# Do We Need a New Math to Understand Physics?

Back before my instructional responsibilities forced me into turning my Fluid Mechanics Laboratory into an online adventure, I posted a link to an article entitled Does Time Really Flow? New Clues Come From a Century-Old Approach to Math, which discusses quantum physics and its relationship to mathematics.  It’s an intriguing article, but many of the issues that it discusses have been around for some time.

As someone whose specialty (in part) is computational modeling, the problem can be posited as the way we model physical phenomena (mathematics) relates to the way it actually happens in the material world (physics, in this case quantum physics.)  The difference between the two has generated the core problems the article discusses.

Modelling is something that has come front and centre in the current COVID-19 crisis.  The weakness of the way modeling is done in medicine (and certainly the social sciences) is that it is an exercise in statistical extrapolation and not a predictive exercise based on an idea of the behaviour of the system, informed by correlations with the actual behaviour.  Medicine is starting to move towards the latter type of modelling but it’s slow; if it could do so by, say, modelling the interactions of various drugs to various bacteria or viruses in the environment of the human body (with all the variations therein) we could select with more intelligence which clinical trials to pursue and understand their outcomes more completely.

But I digress…it wouldn’t hurt to start by understanding what modelling is.  To do this I turn to Rutherford Aris’ Mathematical Modelling Techniques:

In these notes the term ‘mathematical model’–usually abbreviated to ‘model’–will be used for any complete and consistent set of mathematical equations which is thought to correspond to some other entity, its prototype.  The prototype may be a physical, biological, social, psychological or conceptual entity, perhaps another mathematical model, though in detailed examples we shall be concerned with a few physico-chemical systems.

The nature of models, and their relationship with the prototype, is a complicated subject and one which Aris discusses at length.  It is tied up with the type of modelling being used and the purpose for which the model is intended.  The initial thought is always that the model most accurately reflect the behaviour of the prototype.  The increase in computer power since Aris wrote this monograph has made achieving that objective simpler because the governing equations, the initial conditions and the boundary conditions (the three mathematical parameters which govern any system) can be made to reflect the behaviour of the prototype with greater precision.  Whether it’s more accurate is another story.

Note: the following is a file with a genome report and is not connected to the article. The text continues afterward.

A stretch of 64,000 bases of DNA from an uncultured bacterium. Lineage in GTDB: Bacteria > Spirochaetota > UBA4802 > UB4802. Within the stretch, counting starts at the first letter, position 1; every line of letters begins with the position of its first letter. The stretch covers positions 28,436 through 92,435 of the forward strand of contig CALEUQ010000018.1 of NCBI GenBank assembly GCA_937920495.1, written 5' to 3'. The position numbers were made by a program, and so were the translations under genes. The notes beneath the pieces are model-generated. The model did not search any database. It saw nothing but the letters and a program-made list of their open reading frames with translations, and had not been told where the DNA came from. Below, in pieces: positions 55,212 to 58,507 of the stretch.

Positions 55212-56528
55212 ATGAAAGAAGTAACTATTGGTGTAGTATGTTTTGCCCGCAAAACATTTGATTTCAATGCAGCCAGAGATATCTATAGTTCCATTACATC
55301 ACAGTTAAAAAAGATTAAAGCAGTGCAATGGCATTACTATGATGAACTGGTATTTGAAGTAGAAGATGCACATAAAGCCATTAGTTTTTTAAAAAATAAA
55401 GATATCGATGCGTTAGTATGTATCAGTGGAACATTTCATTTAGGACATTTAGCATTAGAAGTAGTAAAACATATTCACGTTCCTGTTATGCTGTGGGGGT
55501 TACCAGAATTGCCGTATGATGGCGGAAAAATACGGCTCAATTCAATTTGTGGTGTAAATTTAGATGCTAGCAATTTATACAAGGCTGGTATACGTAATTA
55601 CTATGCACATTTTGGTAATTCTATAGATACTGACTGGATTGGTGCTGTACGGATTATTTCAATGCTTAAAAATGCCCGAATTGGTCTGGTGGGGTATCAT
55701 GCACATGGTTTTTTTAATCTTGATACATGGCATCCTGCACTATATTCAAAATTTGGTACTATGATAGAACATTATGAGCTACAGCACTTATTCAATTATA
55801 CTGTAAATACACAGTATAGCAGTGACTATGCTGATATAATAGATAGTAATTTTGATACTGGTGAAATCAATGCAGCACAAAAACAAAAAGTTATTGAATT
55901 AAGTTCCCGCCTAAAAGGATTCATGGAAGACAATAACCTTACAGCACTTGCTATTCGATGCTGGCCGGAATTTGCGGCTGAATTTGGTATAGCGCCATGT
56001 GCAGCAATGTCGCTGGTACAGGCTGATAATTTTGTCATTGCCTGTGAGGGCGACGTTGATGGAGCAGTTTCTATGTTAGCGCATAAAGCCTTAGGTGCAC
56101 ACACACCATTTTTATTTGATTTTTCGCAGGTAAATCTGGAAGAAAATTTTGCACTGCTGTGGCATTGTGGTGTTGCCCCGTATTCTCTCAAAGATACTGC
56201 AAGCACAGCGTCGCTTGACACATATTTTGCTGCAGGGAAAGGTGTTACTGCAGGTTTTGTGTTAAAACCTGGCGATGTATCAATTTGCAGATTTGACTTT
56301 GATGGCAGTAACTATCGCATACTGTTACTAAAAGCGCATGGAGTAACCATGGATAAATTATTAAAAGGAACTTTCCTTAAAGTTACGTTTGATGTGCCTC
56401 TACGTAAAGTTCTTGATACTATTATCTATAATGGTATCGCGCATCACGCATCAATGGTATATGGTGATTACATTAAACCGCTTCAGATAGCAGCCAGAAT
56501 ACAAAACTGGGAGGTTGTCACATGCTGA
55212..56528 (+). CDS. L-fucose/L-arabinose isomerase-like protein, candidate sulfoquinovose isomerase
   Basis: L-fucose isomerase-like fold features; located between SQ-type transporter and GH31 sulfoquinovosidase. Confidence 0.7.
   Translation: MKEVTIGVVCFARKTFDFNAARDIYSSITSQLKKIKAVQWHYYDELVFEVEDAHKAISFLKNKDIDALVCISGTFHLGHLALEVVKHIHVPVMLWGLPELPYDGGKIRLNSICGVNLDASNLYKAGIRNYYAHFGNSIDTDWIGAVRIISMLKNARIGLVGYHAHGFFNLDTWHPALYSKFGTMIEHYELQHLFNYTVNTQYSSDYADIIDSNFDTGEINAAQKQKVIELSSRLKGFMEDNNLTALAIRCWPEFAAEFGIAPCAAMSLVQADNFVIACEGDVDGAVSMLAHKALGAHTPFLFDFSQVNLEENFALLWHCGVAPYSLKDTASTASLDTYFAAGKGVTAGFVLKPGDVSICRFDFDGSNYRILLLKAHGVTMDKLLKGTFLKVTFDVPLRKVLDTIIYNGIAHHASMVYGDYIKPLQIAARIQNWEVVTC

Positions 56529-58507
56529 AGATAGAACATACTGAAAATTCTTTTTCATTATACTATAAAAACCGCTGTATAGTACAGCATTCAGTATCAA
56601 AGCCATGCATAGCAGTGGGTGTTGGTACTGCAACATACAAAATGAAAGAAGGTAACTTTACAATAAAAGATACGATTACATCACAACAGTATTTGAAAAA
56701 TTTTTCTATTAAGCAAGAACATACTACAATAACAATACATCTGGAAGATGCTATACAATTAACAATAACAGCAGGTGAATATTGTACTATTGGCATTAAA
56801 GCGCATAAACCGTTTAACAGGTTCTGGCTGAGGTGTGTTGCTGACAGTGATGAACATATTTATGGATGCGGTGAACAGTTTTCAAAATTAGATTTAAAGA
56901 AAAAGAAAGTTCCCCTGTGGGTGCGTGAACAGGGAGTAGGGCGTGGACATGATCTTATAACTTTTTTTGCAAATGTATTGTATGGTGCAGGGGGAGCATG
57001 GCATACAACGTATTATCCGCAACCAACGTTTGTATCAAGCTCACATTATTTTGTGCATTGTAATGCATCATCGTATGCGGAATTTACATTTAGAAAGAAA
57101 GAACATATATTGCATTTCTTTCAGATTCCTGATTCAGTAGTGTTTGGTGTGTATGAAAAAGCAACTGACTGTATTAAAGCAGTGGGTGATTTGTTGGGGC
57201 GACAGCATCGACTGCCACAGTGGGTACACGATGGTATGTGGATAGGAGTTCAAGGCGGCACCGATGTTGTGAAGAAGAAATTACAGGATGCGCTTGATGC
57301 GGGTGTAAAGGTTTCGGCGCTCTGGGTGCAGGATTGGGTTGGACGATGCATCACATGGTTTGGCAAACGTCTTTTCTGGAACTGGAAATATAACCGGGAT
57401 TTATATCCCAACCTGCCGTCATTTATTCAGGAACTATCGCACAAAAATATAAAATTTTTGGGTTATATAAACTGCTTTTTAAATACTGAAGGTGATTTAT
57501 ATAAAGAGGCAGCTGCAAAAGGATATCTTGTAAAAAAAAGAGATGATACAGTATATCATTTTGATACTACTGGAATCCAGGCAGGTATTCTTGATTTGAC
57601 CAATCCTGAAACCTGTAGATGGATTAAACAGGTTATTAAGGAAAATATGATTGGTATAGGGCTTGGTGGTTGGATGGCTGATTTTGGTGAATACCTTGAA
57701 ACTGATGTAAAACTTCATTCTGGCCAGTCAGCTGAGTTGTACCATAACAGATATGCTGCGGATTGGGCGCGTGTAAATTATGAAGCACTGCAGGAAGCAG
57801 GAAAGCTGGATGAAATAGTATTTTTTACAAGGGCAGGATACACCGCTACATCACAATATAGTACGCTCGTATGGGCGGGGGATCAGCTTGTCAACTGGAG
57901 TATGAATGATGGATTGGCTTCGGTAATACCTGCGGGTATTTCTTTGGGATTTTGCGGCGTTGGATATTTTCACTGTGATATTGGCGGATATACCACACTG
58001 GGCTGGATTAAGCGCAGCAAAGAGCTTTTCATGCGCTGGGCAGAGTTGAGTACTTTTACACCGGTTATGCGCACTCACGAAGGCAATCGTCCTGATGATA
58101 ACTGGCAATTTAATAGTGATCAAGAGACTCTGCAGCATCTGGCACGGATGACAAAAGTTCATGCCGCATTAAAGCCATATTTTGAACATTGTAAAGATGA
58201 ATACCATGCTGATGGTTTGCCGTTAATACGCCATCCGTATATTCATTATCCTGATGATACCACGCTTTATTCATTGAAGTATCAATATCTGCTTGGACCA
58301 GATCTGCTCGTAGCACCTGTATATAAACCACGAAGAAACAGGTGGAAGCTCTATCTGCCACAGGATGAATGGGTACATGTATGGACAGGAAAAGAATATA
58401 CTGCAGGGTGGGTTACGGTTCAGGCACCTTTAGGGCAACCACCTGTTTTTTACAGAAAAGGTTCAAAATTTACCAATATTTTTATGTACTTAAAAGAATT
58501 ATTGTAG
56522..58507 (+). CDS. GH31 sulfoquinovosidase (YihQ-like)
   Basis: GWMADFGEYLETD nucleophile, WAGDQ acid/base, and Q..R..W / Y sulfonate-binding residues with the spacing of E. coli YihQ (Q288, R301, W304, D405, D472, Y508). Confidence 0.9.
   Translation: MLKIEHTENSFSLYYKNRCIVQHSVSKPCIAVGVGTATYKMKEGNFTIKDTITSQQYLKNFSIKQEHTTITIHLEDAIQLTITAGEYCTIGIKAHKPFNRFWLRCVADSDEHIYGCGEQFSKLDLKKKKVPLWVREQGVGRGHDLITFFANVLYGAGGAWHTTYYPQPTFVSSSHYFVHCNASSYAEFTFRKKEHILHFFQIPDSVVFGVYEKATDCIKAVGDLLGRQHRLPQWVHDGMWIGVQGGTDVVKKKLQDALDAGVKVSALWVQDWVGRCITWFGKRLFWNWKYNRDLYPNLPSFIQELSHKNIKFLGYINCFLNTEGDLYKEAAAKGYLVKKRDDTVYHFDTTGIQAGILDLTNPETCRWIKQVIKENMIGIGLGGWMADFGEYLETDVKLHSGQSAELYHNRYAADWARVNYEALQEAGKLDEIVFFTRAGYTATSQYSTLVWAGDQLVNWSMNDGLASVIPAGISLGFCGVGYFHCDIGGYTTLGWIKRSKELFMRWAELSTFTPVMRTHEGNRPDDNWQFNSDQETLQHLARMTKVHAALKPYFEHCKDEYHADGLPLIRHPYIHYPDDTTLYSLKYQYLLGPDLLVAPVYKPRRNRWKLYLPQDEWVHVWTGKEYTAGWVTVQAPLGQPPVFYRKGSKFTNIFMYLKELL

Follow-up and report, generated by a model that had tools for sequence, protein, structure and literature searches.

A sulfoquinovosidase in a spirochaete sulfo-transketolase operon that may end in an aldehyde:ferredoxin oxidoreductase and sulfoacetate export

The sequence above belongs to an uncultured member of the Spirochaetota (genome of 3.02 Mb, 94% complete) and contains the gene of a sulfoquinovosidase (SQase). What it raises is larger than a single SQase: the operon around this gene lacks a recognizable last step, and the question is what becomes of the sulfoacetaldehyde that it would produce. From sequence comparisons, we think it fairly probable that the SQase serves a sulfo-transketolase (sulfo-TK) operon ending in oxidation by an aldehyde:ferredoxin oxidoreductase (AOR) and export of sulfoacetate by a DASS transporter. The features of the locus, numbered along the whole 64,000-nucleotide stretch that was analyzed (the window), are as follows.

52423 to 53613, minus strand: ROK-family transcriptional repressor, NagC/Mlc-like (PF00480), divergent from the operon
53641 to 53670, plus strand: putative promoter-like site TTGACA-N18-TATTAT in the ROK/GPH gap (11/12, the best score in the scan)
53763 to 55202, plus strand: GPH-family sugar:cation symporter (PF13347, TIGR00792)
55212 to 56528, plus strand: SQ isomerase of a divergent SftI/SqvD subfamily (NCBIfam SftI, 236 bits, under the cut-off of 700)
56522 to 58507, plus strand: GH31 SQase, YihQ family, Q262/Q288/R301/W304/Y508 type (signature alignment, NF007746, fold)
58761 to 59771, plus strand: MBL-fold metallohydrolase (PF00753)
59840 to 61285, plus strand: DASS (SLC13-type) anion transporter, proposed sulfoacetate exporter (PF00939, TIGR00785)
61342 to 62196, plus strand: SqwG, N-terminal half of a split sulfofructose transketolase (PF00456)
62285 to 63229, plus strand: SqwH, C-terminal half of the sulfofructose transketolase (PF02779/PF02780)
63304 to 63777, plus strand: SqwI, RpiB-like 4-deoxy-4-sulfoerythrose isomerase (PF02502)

Before we turn to the topic at hand, one more memorable quote from Aris (and the only time this author has ever been cited in a scientific work that I can recall) is the following:

It scarcely needs to be added that we shall not raise the old red herring about the model being less “real” than the prototype.  Tolkien [178] has reminded us of the failure of the expression “real life” to live up to academic standards.  “The notion,” he remarks, “that motor cares are more ‘alive” than, say, centaurs or dragons is curious; that they are more ‘real’ than, say, horses is pathetically absurd.”

Reference [178] is Leaf by Niggle.  We will come back to this shortly.

With all that, the article goes off into the idea that we need a new mathematics (well, some people think we do) to describe the discrete phenomena that we have in quantum physics.  From a modelling standpoint, I think there’s a simpler explanation for this, and one that would, if taken to heart, move things forward in a more efficient way.